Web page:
“If you could have any superpower, which one would you want, and why?”
This was a question that I was once asked, during some ice-breaker games in my community.
After a moment I replied, “I would like to have the power to heal people who are experiencing mental health issues”.
At that point in my life, I had just been diagnosed with gout, a form of arthritis caused by excessive uric acid in the bloodstream. My gout attacks were extremely painful, and when I had a ‘flare-up’, I could not sleep at night. It was a miserable time for me.
You might be wondering, “What has this got to do with wanting to heal people with mental illness?” You see, my friend had just been diagnosed with depression. I saw how her situation was much more challenging than mine.
For me, I could see the joint inflammation and know my uric acid levels through a blood test. When I explained my illness to other people, they could understand it easily, and showed concern and acceptance. In my friend’s case, it was not so straightforward. People did not quite understand. In some cases, they were angry at her, brushed her condition aside, or asked her to just “snap out of it”.
Much has been done in recent years to address the stigma often associated with mental health issues. I am grateful that there are greater awareness and support for mental health issues in Singapore today. The Government is doing more to care for the mental well-being of Singaporeans with the setup of a mental wellness task force and 24-hour National CARE Hotline. Plans are also underway to publish an advisory to help employers improve their staff’s mental well-being. There are now even mobile apps that help people work on their mental health anytime and anywhere.
With one in seven Singaporeans experiencing a form of mental disorder in our lifetime, the issues are real and very close to home. With all these efforts and many more, I know that there is hope for a more understanding, compassionate, and supportive Singapore in the future.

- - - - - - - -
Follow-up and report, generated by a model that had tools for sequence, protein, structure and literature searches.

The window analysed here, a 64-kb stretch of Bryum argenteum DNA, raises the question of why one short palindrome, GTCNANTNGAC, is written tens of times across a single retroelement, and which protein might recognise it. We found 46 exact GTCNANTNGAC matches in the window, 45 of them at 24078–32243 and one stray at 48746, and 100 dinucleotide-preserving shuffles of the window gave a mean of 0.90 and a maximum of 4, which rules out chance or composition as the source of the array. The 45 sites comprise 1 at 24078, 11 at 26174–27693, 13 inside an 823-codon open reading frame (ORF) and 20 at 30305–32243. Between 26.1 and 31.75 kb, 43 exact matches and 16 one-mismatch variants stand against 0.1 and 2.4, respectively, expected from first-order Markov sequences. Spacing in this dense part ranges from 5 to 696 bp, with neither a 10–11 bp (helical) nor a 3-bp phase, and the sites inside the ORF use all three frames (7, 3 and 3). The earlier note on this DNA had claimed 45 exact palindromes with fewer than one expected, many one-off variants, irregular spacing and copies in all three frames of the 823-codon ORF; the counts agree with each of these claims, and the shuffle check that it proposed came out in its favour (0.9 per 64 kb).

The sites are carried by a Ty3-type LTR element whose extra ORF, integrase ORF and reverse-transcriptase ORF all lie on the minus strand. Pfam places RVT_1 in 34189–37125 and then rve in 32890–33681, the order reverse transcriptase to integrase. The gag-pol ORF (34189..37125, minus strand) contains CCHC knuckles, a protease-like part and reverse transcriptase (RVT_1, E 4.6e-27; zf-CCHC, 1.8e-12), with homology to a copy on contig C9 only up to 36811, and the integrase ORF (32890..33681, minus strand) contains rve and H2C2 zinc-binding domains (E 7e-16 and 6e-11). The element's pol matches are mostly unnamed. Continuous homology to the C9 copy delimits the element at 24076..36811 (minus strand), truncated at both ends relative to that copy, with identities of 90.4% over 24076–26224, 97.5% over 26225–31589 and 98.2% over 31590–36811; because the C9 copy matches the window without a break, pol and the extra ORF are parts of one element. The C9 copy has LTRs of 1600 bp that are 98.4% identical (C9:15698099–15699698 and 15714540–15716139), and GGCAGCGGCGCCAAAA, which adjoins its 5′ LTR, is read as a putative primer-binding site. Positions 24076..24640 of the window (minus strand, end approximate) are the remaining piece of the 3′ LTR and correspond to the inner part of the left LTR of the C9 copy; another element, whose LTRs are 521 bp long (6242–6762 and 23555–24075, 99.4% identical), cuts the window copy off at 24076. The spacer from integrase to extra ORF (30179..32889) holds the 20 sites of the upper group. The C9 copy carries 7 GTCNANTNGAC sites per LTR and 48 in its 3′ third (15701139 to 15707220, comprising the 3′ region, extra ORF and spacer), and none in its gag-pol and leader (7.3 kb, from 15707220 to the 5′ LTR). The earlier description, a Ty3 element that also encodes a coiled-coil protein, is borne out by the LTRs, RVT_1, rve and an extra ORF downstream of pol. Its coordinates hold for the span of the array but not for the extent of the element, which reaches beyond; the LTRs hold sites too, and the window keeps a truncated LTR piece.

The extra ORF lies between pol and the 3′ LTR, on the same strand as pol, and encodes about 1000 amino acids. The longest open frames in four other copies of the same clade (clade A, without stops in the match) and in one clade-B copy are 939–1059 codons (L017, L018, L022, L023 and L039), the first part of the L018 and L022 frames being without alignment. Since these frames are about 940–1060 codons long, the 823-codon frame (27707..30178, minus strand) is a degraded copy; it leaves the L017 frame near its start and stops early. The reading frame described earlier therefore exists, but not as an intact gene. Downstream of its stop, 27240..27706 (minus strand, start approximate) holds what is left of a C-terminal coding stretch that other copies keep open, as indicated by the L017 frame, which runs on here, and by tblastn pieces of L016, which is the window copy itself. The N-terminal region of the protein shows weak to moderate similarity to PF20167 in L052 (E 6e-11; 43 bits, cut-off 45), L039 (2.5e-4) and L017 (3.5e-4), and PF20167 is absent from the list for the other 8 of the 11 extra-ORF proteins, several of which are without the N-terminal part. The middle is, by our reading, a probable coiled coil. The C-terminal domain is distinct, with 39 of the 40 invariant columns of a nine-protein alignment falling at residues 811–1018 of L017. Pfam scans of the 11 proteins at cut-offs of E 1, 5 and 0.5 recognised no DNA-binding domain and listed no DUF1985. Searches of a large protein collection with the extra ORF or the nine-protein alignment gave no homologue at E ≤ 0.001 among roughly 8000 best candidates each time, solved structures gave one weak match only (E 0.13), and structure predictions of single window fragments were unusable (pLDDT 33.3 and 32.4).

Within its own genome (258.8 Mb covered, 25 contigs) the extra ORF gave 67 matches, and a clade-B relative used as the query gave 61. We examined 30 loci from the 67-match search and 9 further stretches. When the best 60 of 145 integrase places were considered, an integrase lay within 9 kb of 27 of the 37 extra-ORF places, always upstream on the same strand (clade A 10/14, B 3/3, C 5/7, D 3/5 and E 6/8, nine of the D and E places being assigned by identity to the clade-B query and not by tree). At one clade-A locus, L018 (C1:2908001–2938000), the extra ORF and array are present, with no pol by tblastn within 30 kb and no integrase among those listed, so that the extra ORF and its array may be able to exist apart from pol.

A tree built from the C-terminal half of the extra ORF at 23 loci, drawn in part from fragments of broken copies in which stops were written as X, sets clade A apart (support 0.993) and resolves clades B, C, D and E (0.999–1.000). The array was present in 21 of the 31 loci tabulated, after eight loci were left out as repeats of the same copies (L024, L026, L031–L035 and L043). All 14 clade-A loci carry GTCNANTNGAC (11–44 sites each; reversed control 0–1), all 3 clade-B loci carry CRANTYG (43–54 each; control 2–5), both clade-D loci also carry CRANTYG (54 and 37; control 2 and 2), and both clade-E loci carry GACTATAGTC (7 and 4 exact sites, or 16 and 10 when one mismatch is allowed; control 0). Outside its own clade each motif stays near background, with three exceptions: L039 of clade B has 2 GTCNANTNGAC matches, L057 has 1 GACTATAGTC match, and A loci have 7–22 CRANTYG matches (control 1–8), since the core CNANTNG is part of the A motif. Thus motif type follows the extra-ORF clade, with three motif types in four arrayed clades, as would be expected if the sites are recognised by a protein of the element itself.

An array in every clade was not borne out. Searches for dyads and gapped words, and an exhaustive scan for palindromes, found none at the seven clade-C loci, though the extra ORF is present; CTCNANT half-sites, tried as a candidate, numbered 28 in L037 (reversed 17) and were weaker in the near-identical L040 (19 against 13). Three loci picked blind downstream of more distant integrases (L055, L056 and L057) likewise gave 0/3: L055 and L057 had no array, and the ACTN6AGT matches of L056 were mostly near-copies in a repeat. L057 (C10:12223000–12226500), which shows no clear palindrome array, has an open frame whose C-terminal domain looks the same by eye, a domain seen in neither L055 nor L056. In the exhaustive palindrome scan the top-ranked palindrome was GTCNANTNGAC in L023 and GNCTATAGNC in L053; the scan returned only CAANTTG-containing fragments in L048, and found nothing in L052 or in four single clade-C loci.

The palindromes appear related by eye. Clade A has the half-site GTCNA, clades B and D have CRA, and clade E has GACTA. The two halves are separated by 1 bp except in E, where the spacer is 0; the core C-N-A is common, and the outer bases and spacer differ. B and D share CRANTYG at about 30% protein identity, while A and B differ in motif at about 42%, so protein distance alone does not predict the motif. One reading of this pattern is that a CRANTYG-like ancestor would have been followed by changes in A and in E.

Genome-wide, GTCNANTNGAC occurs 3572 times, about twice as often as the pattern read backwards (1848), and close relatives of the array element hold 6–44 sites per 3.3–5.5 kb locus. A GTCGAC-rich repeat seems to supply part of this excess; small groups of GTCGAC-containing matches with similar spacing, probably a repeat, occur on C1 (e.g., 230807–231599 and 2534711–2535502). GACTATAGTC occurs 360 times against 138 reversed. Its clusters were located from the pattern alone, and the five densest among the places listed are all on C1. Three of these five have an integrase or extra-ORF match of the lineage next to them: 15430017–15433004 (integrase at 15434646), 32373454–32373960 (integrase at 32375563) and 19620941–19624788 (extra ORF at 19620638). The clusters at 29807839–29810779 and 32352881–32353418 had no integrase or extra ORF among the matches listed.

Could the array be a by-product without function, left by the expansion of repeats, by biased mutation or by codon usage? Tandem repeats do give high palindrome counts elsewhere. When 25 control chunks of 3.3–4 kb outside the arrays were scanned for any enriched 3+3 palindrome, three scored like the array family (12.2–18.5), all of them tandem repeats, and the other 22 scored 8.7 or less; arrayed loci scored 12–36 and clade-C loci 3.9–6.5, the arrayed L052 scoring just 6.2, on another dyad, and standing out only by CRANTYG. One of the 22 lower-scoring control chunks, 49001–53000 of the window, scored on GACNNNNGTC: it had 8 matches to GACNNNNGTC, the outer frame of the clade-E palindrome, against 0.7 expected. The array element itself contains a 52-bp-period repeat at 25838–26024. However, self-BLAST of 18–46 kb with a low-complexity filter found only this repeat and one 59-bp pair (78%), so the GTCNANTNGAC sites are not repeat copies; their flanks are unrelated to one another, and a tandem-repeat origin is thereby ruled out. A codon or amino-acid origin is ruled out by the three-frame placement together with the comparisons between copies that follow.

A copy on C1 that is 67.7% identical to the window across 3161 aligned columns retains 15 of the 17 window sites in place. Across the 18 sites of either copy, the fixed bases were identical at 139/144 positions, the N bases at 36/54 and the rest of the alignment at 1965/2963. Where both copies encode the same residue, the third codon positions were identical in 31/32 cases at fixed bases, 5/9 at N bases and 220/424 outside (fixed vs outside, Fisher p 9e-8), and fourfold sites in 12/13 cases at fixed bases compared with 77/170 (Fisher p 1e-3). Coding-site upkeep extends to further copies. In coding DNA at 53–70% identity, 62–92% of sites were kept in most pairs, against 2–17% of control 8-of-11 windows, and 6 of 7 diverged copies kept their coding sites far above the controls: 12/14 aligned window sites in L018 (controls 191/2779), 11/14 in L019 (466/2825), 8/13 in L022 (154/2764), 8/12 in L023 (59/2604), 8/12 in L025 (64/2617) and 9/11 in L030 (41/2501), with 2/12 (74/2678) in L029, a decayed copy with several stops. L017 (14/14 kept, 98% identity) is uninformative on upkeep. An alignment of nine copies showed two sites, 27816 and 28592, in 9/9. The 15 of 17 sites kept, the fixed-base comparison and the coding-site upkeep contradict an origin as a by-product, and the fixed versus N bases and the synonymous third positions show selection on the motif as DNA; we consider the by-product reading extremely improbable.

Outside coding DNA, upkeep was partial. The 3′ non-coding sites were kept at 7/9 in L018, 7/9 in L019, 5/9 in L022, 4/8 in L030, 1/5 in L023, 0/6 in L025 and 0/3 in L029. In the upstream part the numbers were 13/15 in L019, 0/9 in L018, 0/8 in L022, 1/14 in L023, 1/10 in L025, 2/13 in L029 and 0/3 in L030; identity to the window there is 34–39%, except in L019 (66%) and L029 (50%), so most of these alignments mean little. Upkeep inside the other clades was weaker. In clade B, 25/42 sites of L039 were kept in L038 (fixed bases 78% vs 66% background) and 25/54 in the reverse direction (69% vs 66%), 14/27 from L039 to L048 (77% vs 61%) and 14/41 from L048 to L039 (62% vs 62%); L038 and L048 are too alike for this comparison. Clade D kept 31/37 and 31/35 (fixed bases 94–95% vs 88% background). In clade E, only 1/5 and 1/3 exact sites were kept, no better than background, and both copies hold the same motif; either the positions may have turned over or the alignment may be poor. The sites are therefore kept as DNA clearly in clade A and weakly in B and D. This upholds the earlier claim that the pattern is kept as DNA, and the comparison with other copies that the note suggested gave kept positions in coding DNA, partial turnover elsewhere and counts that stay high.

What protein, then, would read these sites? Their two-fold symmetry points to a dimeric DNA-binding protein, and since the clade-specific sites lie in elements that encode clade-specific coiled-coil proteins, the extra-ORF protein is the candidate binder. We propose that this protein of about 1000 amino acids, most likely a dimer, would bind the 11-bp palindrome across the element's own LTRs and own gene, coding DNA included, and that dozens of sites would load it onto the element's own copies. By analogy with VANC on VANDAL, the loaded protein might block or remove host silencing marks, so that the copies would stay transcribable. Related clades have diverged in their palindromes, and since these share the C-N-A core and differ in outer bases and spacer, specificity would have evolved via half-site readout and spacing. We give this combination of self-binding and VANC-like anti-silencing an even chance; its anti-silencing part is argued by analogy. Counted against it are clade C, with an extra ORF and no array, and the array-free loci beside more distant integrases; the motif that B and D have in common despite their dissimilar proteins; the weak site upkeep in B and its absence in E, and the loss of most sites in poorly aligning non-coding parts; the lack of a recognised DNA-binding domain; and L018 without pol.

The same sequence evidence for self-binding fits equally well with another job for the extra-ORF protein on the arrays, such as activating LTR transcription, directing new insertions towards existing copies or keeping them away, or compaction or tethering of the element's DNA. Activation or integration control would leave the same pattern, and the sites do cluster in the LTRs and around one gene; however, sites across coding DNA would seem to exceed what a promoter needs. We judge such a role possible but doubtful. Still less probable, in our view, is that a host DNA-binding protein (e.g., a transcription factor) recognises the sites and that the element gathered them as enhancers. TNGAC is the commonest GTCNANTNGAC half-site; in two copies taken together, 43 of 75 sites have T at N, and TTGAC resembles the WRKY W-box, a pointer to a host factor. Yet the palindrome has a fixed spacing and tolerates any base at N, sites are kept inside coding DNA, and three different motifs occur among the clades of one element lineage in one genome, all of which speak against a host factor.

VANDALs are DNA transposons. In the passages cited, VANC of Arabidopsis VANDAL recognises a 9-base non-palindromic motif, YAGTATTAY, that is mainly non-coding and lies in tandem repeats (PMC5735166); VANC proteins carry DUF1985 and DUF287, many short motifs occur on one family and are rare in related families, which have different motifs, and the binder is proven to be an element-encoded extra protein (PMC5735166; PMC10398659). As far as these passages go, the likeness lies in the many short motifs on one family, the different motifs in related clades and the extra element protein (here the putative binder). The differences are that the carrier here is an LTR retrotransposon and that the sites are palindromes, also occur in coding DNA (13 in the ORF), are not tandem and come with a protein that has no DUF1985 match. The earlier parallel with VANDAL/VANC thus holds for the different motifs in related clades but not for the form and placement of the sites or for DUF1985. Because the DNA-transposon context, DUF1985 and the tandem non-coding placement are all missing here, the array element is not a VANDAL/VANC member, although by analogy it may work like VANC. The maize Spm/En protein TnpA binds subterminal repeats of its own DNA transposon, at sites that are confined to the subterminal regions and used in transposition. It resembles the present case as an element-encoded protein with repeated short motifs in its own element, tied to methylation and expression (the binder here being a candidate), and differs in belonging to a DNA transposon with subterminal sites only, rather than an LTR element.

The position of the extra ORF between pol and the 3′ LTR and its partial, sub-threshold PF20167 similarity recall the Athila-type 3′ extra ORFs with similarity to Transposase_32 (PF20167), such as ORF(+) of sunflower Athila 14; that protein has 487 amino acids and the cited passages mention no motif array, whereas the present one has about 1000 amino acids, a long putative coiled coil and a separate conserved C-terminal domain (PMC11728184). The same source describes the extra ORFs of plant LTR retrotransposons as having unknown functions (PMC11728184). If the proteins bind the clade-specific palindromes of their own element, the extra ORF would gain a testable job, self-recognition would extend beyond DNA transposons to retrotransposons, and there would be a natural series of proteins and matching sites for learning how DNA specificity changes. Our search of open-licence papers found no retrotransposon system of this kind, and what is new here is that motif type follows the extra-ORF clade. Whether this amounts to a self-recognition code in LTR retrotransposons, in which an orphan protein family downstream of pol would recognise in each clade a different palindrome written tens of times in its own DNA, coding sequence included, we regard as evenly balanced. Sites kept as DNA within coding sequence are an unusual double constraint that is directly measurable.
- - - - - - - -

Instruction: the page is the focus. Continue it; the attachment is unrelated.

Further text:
Is there a place in Singapore for a superhero who heals mental illness? I believe that everyone can be a hero for mental health, without needing superpowers. Will you join me?
Here are seven things that I pledge to do:
- Learn more about mental health and the recovery process
- Be available and present to people around me—whether friends, family, or colleagues
- Listen without judgement, be respectful, and supportive
- Seek to understand and offer hope
- Encourage seeking and sustaining further support
- Pray for everyone to have good mental health
- Practice self-care and love myself
If you are wondering about my friend, she is much better now. Her recovery began when she asked for help. She has received love and support from her family, friends, and all the heroes in the mental health services.
- Mental health anti-stigma campaign back for 3rd year (ST, 25 Sep 2020)
- Parliament: Advisory to help employers improve their staff’s mental well-being to be published by end-2020 (ST, 6 Oct 2020)
- COVID-19 impact on mental health must be managed, as more people face stress and disruption: PM Lee (CNA, 11 Oct 2020)
- World Mental Health Day: She created an app to provide on-demand counselling
Kelvin Lim is a husband, a father of an active and lively 19-month-old daughter, and a Programme Executive Trainee at Caritas Singapore. His favourite book is “Life of the Beloved: Spiritual Living in a Secular World” by Henri J. M. Nouwen.